A Ferrari rushes into uncharted territory

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The winning 1954 Ferrari 375 MM Scaglietti coupe rolls through the confetti shower to claim its prize | Bob Golfen
The winning 1954 Ferrari 375 MM Scaglietti coupe rolls through the confetti shower to claim its prize | Bob Golfen
The winning 1954 Ferrari 375 MM Scaglietti coupe rolls through the confetti shower | Bob Golfen

Everything seemed pretty normal Sunday afternoon at the Pebble Beach Concours d’Elegance, until they announced the winner of Best of Show and the crowd knew that something momentous had just happened.

This year, the judges’ choice for the top prize fell far afield from the convention established over decades, when you could pretty much count on the winner being some lush pre-war classic.

Instead, Best of Show went for the first time to a Ferrari, the brand most valued at the high-end collector-car auctions happening just up the road.

The Ferrari’s body was beautifully hand-crafted | Bob Golfen
The Ferrari’s body was beautifully hand-crafted | Bob Golfen

The winning 1954 Ferrari 375 MM Scaglietti coupe is a rare and very special car, and it does share the coachbuilt tradition of many Pebble winners. But with that, its victory feels much like passing the torch to a new generation.

“This changes everything,” concours veterans were heard saying as the finely crafted Ferrari rolled up on stage to claim the prize won by so many Packards, Bugattis and Duesenbergs in the past. Like them, the Ferrari is beautiful, graceful and hand-crafted. For today’s car enthusiasts, it is also elegant.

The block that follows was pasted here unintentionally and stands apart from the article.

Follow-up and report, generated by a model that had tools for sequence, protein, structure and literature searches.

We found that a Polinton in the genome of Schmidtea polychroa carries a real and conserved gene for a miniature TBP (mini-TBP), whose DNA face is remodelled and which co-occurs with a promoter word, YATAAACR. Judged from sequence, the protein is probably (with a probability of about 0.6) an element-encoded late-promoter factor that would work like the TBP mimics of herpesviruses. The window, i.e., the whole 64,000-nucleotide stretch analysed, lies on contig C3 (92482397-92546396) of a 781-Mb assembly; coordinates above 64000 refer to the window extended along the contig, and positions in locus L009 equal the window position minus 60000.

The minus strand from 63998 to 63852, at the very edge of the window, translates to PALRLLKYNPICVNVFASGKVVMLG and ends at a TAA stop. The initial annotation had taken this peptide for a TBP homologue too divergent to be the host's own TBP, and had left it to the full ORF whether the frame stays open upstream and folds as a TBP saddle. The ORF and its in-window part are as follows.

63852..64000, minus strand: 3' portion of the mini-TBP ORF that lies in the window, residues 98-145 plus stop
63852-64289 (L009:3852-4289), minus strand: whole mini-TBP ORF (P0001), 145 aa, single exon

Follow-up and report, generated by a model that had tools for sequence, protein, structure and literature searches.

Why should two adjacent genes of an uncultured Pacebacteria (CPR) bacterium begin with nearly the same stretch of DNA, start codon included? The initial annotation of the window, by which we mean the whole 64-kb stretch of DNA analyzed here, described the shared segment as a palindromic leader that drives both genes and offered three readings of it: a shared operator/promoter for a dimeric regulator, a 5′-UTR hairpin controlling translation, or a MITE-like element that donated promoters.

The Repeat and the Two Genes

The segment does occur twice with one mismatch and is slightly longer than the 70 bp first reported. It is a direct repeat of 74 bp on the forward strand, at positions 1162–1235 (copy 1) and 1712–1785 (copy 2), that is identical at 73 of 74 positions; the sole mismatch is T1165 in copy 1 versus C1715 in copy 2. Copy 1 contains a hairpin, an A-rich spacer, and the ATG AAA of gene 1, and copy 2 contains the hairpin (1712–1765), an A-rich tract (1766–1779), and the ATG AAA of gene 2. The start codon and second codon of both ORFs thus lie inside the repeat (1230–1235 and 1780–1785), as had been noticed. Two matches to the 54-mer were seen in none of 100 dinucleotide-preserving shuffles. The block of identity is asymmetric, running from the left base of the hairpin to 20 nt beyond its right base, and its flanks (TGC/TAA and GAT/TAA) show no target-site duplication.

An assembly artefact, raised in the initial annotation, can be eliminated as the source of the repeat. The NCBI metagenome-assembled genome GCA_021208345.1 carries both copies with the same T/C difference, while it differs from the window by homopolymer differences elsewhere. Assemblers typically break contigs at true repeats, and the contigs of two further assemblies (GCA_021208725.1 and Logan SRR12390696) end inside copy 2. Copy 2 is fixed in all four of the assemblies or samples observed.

The last time a post-war car was chosen as the Pebble Beach Best of Show was in 1968, and 1954 before that. Pebble Beach sets the tone for all other concours d’elegance, so that now the gates have opened for great Ferraris and similar top-tier cars built after World War II to win Best of Show awards at those events, not just class awards and special prizes.

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Things do change and grow. This award could raise fears that those big older classics might fall by the wayside, so it becomes up to the connoisseurs and champions of great automobiles to make sure that doesn’t happen.

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Bob Golfen is a longtime automotive writer and editor, focusing on new vehicles, collector cars, car culture and the automotive lifestyle. He is the former automotive writer and editor for The Arizona Republic and SPEED.com, the website for the SPEED motorsports channel. He has written free-lance articles for a number of publications, including Autoweek, The New York Times and Barrett-Jackson auction catalogs. A collector car enthusiast with a wide range of knowledge about the old cars that we all love and desire, Bob enjoys tinkering with archaic machinery. His current obsession is a 1962 Porsche 356 Super coupe.

1 COMMENT

  1. There must be a story here somewhere…but it didn’t get told. Why bother with the financial details when what (I would hope) readers care about is “what about the car”?

    And why are we supposed to give a damn about the “value” of the cars sold, anyway? Is there some kind of auction fan club I haven’t heard about?